#197 Overall - C Brock Hoffman, Virginia Tech
Jaguars' starting center Brandon Linder and his trusty backup Tyler Shatley are both getting long in the tooth. Linder misses a ton of time with injuries and has an expiring contract after the 2022 season, while Shatley is set to hit free agency in March. I don't think the Jaguars should look to replace Linder in the starting lineup this year, but adding a young center with starting potential should be a priority. Hoffman is excellent in pass protection and gets the job done as a run blocker too. He also has some limited experience at guard, so he could slide over in a pinch.
#227 Overall - CB Damarion Williams, Houston
The Jaguars' primary slot defender in 2021 was Rudy Ford. While Ford brought a lot to the position with his physicality and downhill play style, the Jaguars could use a more traditional slot cornerback with a more coverage-centric skill set. Williams is just that. Despite being somewhat undersized, he shows good instincts as a zone defender and is sticky in man coverage. Shows plus ball skills. Despite his size, Williams is decisive and aggressive against the run and has experience at safety as well. Adding a slot defender with the potential to excel in obvious passing situations is an easy pick.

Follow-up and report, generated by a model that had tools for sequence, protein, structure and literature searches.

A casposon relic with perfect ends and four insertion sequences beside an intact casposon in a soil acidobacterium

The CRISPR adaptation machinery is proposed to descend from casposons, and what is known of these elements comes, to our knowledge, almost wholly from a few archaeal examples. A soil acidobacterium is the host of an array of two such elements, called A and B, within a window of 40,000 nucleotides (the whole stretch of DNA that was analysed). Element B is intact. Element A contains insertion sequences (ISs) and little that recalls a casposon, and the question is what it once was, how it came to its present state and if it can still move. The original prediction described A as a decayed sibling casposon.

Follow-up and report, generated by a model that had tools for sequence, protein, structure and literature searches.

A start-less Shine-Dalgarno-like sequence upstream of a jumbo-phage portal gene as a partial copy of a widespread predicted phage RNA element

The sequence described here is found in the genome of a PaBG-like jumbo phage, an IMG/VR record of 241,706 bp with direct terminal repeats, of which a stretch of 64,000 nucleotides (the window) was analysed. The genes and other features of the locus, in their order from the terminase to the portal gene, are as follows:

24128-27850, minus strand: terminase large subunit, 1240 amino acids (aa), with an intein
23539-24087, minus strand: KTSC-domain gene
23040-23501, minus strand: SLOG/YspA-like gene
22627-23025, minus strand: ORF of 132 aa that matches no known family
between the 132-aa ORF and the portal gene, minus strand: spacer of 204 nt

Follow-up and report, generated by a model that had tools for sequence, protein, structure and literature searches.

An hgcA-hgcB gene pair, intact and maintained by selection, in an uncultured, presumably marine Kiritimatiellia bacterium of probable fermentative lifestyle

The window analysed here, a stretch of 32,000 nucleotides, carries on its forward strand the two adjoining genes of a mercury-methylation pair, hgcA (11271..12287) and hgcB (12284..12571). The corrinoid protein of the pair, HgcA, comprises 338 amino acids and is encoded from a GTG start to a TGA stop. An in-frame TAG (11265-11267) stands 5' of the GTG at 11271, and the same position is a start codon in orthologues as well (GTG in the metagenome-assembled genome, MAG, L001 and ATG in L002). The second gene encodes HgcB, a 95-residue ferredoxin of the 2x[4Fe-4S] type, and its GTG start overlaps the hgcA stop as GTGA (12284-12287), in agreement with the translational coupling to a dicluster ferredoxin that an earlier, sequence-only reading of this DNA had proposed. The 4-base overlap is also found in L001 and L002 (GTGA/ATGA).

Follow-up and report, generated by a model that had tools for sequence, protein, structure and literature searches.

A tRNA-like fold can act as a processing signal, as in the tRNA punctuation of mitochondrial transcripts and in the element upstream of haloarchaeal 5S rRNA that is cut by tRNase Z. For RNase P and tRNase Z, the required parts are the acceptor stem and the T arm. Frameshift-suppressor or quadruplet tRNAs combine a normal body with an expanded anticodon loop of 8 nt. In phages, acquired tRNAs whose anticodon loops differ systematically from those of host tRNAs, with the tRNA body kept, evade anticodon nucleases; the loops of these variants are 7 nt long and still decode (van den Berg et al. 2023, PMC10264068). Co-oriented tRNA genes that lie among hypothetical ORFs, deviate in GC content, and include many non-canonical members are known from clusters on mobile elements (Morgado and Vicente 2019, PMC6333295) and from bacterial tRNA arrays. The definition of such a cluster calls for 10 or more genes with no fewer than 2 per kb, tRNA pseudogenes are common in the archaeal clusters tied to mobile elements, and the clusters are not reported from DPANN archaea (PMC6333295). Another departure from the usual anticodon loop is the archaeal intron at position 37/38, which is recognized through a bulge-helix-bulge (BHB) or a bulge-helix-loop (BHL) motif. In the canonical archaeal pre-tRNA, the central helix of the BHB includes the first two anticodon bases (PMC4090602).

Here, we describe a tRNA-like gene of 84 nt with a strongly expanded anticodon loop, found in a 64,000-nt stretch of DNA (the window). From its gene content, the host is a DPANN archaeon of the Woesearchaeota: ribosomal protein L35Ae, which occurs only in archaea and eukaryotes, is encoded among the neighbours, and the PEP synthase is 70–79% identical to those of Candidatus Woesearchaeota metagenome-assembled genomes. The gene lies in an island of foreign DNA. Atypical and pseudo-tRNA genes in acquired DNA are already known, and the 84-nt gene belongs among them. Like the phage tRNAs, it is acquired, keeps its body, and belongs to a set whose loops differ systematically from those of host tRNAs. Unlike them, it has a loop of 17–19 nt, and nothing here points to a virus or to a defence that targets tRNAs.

This draft provides value at every turn and achieves the primary goal of the offseason: HELP TREVOR LAWRENCE. The foundation is in place for the Jaguars' offense, with two dynamic big-bodied receivers added to the mix to go along with three offensive linemen. Landing a potential running mate for Josh Allen on the edge in the third round feels like stealing. Picking up an insurance policy for your injured running backs is critical. And finally, inserting a coverage nickel with some versatility helps the Jaguars with different situational personnel groupings. The Jags don't have a starting middle linebacker with experience under contract, but the need for experience at the position can be addressed in free agency.